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  • It Is Called “Dope”

    Posted by James R. Rummel on November 2nd, 2008 (All posts by )

    I didn’t have much of an opinion about illegal drugs back when I started to work for the police.

    Oh, I had heard the arguments in favor of legalizing all drugs. This was back in the early 1990s, and our prisons were beginning to fill due to the so-called “War on Drugs”. Legalization advocates would point out that the economic cost of illegal drugs would be extremely low if they were suddenly acceptable. All the crime, violence, and social costs that came from addiction would disappear if the price wasn’t artificially inflated. Remove the drug laws and remove the profit incentive for gang bangers and pushers to do war in the streets. Make drugs cheap and there wouldn’t be any reason for junkies to commit crimes to feed their habit.

    Like I said, I had heard the arguments in favor of legalization but had yet to form an opinion. Then I started to meet junkies up close and personal.

    It was pretty obvious pretty fast that legalizing all drugs wouldn’t turn these people into productive members of society. Stick them in prison long enough to dry out, let the physical cravings fade, even enroll them in mandatory drug treatment programs as a condition of their parole, and they would go seek out more dope just as soon as they could. There was simply something in their emotional or mental makeup which caused them to decide that dumping poison in their bodies, poison which would eventually destroy their health and kill them, was the best option.

    It was at this point that I came to the realization, false though it may be, that those who advocated drug legalization were a bunch of cold and calculating bastards. Let the price of illegal drugs fall as far as they said it would and we would have corpses littering the streets in a few days. Solve the problems which came from illegal drugs by allowing the addicts to kill themselves with the substance of their choice. At least the prisons would have more room.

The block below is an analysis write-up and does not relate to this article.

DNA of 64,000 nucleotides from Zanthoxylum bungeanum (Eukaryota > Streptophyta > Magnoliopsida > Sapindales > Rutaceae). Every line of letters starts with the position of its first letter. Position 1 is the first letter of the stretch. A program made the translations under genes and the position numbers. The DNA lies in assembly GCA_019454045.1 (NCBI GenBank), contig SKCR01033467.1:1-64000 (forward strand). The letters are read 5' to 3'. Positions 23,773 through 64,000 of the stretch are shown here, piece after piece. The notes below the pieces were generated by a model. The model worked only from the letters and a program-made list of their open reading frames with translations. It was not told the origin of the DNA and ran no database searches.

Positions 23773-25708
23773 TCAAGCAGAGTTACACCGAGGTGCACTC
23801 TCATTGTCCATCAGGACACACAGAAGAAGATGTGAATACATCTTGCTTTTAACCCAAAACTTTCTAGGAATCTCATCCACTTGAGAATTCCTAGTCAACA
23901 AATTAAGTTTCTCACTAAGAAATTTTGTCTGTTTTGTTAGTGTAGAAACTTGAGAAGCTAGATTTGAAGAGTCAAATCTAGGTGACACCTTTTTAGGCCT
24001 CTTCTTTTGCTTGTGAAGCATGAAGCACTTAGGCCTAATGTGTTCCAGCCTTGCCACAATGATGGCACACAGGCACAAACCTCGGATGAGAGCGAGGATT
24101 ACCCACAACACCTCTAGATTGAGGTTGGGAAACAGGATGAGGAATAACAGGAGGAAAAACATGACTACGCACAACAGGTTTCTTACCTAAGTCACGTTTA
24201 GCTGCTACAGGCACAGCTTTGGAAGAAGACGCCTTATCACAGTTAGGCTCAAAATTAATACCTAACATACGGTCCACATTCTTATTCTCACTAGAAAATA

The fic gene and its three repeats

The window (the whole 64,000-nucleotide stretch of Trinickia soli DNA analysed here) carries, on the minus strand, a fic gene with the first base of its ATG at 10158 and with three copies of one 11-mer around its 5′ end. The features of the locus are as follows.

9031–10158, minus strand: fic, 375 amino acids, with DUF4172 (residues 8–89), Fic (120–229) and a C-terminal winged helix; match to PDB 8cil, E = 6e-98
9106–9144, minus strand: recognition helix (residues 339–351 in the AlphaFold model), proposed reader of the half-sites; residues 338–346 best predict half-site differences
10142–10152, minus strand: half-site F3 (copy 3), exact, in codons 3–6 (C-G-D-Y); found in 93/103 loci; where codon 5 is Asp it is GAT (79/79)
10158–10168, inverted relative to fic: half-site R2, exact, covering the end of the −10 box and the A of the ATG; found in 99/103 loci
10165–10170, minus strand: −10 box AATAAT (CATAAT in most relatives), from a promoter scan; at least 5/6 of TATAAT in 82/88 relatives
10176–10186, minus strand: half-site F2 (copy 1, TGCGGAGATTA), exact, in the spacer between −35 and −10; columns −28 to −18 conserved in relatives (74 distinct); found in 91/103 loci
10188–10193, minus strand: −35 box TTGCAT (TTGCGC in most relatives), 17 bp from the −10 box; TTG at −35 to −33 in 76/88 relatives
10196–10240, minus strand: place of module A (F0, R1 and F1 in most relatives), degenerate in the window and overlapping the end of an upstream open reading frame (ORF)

I’m taking you along on this trip down Memory Lane due to an essay I read over at Cowtown Cop. In the post, he relates some amusing anecdotes about busting addicts that would visit a dope house in his jurisdiction. It is worth your time to read it for that alone, and I recommend it. But he also has a very brief word about the subject of this post.

    “If the bad folks who sell and use the dope don’t come there anymore you see crimes like robbery, aggravated assault, theft and burglary just kind of dry up. Whenever I hear someone calling for across the board legalization of drugs I always wonder if they are a user themselves or just incredibly naïve about the types of people who use and sell dope. Even if heroin and cocaine were legal the bad folks would still commit crimes to supply their habits. It’s not like they would suddenly become fine upstanding, hardworking citizens the day it becomes legal. They still won’t be able to hold a job and will still be the same dysfunctional addict that they were before.”

    Sound wisdom, I think.

     

    29 Responses to “It Is Called “Dope””

    1. nate Says:

      Cowtown Cop is right about the dysfunctional addict. But I think we should not be using drug use as a proxy for punishing robbery and property crimes. I suspect that locking up the street dealers from one neighborhood just causes the junkies to move to a different town or city.